“We Are Currentely Building the Internet of Energy”

Futur­ol­o­gist Lars Thomsen explains the power grids of the future and demon­strates why the energy sector should act quickly.

Mr. Thomsen, if I had a giant pile of money in the bank, what should I do with it?

I would advise you to get into the energy sector, either with a clever busi­ness idea or as an investor.

I see. Why?

Because things are happening in the energy sector right now. It is changing faster and more funda­men­tally than we have seen in the last hundred years. And things changing means that there are plenty of oppor­tu­ni­ties for people who recog­nize the signs of the times. Oppor­tu­ni­ties to make money.

So how is the energy sector changing?

We’re seeing two major trends. Both include a few other sub-trends. Trend one—and this will surprise no one—is that renew­able energy produc­tion is booming and its share is constantly growing. In 20 years, it will be the domi­nant source in almost all power grids. Trend two is that the demand for energy is growing in general, and partic­u­larly the need for elec­tricity is increasing. Not by just a little, either. We expect that, glob­ally, in 20 years we will consume twice the amount of elec­tricity that we do today.


Twice as much as today? What about all the efforts to produce and consume energy effi­ciently — is that all for nothing?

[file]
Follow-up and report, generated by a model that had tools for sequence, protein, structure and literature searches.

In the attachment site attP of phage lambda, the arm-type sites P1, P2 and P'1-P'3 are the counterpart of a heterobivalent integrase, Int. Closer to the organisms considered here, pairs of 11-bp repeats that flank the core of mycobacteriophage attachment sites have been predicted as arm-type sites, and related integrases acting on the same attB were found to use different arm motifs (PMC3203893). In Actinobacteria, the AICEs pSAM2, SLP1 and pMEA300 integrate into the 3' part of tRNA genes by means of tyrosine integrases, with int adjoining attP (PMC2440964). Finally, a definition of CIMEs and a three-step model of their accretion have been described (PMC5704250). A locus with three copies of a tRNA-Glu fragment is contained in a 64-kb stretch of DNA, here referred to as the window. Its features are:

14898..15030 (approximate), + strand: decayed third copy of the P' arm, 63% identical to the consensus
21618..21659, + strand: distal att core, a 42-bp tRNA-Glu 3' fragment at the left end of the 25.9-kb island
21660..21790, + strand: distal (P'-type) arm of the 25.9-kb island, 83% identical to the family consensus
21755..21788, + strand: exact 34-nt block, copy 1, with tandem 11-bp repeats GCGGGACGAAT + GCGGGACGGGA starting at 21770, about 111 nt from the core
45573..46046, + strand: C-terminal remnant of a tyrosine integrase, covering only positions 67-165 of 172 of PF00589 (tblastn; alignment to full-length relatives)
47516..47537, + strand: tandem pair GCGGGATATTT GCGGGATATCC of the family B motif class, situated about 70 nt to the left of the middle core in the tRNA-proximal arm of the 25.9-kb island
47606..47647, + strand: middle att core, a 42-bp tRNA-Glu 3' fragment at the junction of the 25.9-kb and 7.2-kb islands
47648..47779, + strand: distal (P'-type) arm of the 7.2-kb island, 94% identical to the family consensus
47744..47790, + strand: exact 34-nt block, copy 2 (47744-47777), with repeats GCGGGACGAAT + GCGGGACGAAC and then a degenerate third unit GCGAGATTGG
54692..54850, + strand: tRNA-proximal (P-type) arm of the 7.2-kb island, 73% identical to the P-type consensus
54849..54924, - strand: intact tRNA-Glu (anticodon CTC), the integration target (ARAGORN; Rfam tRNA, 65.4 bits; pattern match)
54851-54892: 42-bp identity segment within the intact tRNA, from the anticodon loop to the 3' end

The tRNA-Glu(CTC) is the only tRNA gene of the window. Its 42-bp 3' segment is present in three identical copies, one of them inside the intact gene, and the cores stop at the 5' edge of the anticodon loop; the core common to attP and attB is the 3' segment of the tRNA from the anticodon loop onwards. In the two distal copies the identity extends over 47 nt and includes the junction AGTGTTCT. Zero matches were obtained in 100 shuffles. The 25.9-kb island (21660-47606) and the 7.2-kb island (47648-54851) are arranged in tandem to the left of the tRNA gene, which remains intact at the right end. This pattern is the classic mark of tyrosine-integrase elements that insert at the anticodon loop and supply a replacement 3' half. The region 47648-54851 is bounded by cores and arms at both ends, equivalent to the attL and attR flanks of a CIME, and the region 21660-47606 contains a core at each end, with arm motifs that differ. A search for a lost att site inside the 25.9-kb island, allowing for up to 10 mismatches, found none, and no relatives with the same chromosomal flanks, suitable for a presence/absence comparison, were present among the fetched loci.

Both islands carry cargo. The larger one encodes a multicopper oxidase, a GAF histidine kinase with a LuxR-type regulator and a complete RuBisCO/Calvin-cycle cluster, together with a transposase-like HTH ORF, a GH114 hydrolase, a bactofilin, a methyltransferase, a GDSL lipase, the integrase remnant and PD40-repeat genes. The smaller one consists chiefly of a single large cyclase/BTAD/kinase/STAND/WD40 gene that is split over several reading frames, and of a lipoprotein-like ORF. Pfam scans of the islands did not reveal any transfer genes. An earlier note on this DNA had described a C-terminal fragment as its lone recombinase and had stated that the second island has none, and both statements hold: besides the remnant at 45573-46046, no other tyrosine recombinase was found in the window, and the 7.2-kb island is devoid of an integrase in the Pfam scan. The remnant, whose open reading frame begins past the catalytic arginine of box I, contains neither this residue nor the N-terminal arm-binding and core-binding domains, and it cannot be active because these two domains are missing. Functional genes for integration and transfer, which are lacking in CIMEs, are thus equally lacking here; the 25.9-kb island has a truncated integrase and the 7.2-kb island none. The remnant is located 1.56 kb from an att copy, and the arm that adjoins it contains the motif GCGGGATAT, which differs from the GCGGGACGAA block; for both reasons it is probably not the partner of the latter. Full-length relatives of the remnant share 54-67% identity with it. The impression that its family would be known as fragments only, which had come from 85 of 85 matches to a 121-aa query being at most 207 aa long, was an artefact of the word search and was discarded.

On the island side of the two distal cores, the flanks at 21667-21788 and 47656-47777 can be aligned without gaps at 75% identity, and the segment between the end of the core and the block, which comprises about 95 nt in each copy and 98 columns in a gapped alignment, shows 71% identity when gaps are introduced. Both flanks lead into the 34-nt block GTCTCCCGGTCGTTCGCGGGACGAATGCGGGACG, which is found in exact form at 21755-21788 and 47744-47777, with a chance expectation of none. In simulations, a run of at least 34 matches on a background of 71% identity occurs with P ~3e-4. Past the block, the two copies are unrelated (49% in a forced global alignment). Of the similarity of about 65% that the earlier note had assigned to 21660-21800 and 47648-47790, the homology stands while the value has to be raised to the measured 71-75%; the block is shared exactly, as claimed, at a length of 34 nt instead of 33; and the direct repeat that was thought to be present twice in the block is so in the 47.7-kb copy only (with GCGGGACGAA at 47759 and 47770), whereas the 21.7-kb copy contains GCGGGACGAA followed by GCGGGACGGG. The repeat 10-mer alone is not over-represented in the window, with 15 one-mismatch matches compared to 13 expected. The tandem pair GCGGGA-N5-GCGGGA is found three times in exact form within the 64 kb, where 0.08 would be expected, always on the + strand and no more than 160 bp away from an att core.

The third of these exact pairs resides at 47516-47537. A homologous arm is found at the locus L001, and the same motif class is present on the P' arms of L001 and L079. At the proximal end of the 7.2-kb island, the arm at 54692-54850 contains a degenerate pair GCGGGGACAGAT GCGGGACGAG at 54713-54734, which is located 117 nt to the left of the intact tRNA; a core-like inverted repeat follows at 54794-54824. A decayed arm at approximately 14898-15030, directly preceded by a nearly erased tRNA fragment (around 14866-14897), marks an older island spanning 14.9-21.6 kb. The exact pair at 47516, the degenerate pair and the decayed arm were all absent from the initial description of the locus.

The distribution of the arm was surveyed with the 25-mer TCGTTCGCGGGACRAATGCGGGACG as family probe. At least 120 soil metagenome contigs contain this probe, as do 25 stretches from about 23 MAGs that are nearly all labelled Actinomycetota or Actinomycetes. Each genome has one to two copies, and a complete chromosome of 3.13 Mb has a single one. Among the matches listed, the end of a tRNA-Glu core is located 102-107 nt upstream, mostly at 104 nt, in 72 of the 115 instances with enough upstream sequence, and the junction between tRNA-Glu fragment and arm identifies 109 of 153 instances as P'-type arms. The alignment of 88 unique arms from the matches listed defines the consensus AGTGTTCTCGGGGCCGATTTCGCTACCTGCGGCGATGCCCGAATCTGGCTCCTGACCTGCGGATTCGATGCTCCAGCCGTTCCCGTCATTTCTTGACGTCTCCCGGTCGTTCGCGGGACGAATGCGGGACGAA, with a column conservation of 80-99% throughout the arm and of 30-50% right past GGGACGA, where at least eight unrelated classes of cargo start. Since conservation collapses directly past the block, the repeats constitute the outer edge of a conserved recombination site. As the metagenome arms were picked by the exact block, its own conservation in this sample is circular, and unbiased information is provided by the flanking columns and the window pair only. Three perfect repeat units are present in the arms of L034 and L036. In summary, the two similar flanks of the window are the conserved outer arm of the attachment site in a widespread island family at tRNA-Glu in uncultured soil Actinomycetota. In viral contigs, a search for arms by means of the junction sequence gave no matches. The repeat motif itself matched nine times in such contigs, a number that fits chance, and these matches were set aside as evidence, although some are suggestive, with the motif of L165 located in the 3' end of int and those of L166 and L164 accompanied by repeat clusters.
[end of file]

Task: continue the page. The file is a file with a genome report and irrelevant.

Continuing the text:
It would be easy—but incorrect—to say that growing energy consump­tion and greater energy effi­ciency contra­dict each other. Rather, it is primarily a ques­tion of substi­tu­tion. According to the Inter­na­tional Energy Agency, humans currently consume around a third of their energy resources for elec­tricity produc­tion, another third for mobility and the last third for heating and cooling. Note that we’re talking here about all energy sources: oil, gas, wood, coal, and so on.

„The Energy sector is under high pres­sure für inno­va­tion right now. It´s not accus­momed to it.“

At the moment around 95 percent of global transportation—trains, planes and automobiles—uses fossil fuels, with heating and cooling at around 75 percent. The propor­tion of fossil fuels will sink rapidly for both—and be replaced by elec­tricity. Cars currently powered by diesel will run on elec­tricity in the future, and so on. This alone will double the demand for elec- tricity, even with the fore­casted effects from energy effi­ciency measures already being taken into account.

And what makes you so sure that the propor­tion of renew­able ener­gies will grow dras­ti­cally?

Well, a lot! There is the polit­ical will in many coun­tries. The climate crisis is moving us in that direc­tion. But don’t get me wrong, you don’t have to be an envi­ron­men­talist to bet on wind and solar. You just need to be able to do the math. In the US, for ex-ample, where the pres­i­dent has tout-ed “clean coal” in recent years, a coal power station has closed down every two weeks on average. And will stay closed forever. Because it’s no longer worth it for the oper­a­tors.